Every time you switch on a light bulb, 10 to the power of 15 (a million times a billion) visible photons, the elementary particles of light, are illuminating the room in every second. If that is too many for you, light a candle. If that is still too many, and say, you just want one and not more than one photon every time you press the button, you will have to work a little harder.
A team of physicists in the group of Professor Gerhard Rempe at the Max Planck Institute of Quantum Optics in Garching near Munich, Germany, have now built a single-photon server based on a single trapped neutral atom. The high quality of the single photons and their ready availability are important for future quantum information processing experiments with single photons. In the relatively new field of quantum information processing the goal is to make use of quantum mechanics to compute certain tasks much more efficiently than with a classical computer. (Nature Physics online, March 11th, 2007)
A single atom, by its nature, can only emit one photon at a time. A single photon can be generated at will by applying a laser pulse to a trapped atom. By putting a single atom between two highly reflective mirrors, a so called cavity, all of these photons are sent in the same direction. Compared with other methods of single-photon generation the photons are of a very high quality, i.e. their energy varies very little, and the properties of the photons can be controlled. They can for instance be made indistinguishable, a property necessary for quantum computation. On the other hand, up to now, it was not possible to trap a neutral atom in a cavity and at the same time generate single photons for a sufficiently long time to make practical usage of the photons.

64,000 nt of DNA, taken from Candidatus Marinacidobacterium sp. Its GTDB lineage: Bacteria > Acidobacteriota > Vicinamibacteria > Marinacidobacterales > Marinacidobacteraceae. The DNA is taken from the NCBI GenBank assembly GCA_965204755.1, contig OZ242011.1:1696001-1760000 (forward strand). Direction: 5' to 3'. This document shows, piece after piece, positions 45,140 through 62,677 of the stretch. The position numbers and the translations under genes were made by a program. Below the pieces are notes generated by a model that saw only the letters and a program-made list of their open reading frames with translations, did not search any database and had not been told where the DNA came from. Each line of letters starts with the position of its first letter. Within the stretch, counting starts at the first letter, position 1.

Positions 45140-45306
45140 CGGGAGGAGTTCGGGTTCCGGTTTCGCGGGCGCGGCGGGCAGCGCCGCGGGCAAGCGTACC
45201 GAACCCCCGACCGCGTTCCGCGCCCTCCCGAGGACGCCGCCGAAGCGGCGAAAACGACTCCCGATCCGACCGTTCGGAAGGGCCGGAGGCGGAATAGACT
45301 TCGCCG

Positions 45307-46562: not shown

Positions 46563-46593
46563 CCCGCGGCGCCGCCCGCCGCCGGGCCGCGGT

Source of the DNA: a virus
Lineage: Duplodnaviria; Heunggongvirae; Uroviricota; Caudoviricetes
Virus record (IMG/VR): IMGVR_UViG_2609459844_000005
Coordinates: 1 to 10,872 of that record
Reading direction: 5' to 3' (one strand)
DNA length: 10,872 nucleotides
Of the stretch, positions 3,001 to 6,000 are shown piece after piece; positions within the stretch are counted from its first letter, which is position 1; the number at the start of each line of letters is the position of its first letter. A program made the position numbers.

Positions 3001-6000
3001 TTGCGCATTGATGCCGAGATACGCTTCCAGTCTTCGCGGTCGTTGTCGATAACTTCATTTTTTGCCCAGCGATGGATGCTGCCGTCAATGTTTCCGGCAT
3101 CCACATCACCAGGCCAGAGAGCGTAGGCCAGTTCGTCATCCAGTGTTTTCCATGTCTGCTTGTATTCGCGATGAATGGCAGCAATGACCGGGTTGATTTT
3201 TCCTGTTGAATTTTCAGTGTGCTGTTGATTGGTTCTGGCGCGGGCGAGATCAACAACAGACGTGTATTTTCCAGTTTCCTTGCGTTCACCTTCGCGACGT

In 2005 the team around Prof. Rempe was able to increase the trapping times of single atoms in a cavity significantly by using three dimensional cavity cooling. In the present article they report on results where they have been able to combine this cavity cooling with the generation of single photons in a way that a single atom can generate up to 300,000 photons. In their current system the time the atom is available is much longer than the time needed to cool and trap the atom. Because the system can therefore run with a large duty cycle, distribution of the photons to a user has become possible: The system operates as a single-photon server.
The experiment uses a magneto-optical trap to prepare ultracold Rubidium atoms inside a vacuum chamber. These atoms are then trapped inside the cavity in the dipole potential of a focused laser beam. By applying a sequence of laser pulses from the side, a stream of single photons is emitted from the cavity. Between each emission of a single photon the atom is cooled, preventing it from leaving the trap.
To show that not more than one photon was produced per pulse, the photon stream was directed onto a beam splitter, which directed 50% of the photons to a detector, and the other 50% to a second detector. A single photon will be detected either by detector 1 or by detector 2. If detections of both detectors coincide, more than one photon must have been present in the pulse. It is thus the absence of these coincidences that proves that one and not more than one photon is produced at the same time, which is demonstrated convincingly in the work presented.
With the progress reported now, quantum information processing with photons has come one step closer. With the single-photon server operating, Gerhard Rempe and his team are now ready to take on the next challenges such as deterministic atom-photon and atom-atom entanglement experiments.
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